Pixel Envy

Written by Nick Heer.

Pagination

With the release of iBooks 3.0 comes the ability to turn on a scrolling reading experience, rather than the paginated one. This has caused a bit of a disagreement as to which is better. Dmitri Fadeyev and Dr. Drang argue that scrolling is better, respectively:

The scroll interface suits the variable nature of the digital content that it holds, but more so, it gives the user more fine-grained control over the reading experience. It feels more natural to scroll the page on a tablet because it creates the illusion of the physical medium, of a page sliding under your fingers.

 

Paging is clearly an artifact of the technology of paper books, a technology I love deeply, but one that doesn’t make a lot of sense in an ebook reader.

Lukas Mathis has written a decent rebuttal to these points. In some cases, Mathis makes a lot of sense:

If you use iBooks author, you design individual pages that perfectly fit the iPad’s screen. This means that you can ensure that paragraphs that belong together are on the same page. You can make sure that illustrations and pictures are next to the text they belong to.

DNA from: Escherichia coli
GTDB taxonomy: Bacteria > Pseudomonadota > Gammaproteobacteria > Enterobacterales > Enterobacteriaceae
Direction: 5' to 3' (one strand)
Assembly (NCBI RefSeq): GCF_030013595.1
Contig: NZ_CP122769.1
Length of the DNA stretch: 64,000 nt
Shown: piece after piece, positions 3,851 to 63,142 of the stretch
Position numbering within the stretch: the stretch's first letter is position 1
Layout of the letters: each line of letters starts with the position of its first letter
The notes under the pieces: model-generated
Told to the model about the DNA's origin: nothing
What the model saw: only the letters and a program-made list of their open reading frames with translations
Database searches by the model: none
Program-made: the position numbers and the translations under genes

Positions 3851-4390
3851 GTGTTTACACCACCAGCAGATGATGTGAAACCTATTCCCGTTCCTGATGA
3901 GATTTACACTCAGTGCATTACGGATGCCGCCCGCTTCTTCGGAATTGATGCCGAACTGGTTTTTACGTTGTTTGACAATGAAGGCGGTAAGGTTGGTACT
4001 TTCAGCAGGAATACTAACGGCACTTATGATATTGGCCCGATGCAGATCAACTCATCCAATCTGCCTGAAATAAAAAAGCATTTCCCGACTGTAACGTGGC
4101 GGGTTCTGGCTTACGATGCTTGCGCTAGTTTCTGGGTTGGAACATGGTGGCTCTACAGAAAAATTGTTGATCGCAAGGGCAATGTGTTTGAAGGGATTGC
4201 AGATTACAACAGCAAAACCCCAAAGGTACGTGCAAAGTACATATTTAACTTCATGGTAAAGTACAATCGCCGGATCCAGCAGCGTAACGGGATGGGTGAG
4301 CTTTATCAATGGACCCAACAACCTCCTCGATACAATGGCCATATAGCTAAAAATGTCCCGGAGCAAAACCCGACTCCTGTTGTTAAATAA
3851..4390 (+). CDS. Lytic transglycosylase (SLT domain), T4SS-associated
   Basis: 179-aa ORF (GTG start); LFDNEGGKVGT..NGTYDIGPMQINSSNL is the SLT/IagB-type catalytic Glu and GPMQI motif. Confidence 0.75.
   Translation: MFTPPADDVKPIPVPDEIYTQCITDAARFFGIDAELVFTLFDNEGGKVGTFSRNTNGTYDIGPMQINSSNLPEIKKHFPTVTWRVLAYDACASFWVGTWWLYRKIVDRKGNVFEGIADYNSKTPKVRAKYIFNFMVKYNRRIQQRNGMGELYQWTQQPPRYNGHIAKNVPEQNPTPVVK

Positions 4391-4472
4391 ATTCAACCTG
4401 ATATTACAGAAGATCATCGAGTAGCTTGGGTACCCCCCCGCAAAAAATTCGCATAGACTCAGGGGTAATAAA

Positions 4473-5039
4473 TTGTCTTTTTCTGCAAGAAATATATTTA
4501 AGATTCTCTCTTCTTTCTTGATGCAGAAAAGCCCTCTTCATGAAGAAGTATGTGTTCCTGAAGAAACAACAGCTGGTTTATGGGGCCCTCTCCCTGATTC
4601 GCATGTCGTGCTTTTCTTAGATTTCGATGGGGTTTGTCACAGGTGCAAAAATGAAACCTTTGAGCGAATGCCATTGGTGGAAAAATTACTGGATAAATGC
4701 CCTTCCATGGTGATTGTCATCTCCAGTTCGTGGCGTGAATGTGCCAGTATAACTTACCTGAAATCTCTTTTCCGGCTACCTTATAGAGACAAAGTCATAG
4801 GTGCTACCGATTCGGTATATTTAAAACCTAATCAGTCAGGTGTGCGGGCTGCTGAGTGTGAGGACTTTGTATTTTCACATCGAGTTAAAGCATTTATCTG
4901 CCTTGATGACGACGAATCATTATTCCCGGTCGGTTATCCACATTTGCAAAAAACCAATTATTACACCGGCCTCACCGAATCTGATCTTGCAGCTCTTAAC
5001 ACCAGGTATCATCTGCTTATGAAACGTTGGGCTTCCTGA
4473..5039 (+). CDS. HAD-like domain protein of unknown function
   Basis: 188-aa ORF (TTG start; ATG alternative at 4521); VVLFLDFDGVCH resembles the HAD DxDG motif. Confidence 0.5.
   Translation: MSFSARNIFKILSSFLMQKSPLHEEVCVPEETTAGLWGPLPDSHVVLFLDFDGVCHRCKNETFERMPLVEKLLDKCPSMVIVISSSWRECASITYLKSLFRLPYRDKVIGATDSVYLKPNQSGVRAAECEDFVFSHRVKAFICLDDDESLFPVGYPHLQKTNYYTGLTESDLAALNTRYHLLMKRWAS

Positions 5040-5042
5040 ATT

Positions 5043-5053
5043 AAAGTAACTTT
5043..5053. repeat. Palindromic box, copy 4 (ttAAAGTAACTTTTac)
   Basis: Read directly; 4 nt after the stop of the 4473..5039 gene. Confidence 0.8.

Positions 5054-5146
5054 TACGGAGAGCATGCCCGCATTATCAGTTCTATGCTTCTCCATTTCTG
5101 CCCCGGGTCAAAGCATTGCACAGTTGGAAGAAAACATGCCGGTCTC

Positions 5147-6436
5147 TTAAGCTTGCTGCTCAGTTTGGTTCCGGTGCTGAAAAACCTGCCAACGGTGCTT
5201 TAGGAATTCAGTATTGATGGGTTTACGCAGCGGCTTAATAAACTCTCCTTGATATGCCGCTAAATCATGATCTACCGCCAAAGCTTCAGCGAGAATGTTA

But others make less sense. This is the closing statement of that same paragraph:

And your users can identify things by their position: “look at the image at the bottom left of page 35!”

This is, again, a relic of the analog page. We now have hyperlinks which allow referential objects to relate to their context in a new and in-line fashion.

In some sense, it’s very similar to the idea of creating inline citations to references, then providing a list either in the footnotes or at the end of the piece with the list of works cited. In the printed medium, citing “(Smith, 328)” makes sense. But in the digital world, merely providing a link — whether it is directly to the work, or to a popover with the citation — makes more sense, and can be read more fluidly.

It obviously isn’t so black-and-white. Mathis makes the smart distinction between automatic pagination and manual pagination, with the latter being a deliberate choice. I agree that, in some cases, pagination is a necessity. But for text-heavy novels, scrolling can be just as effective.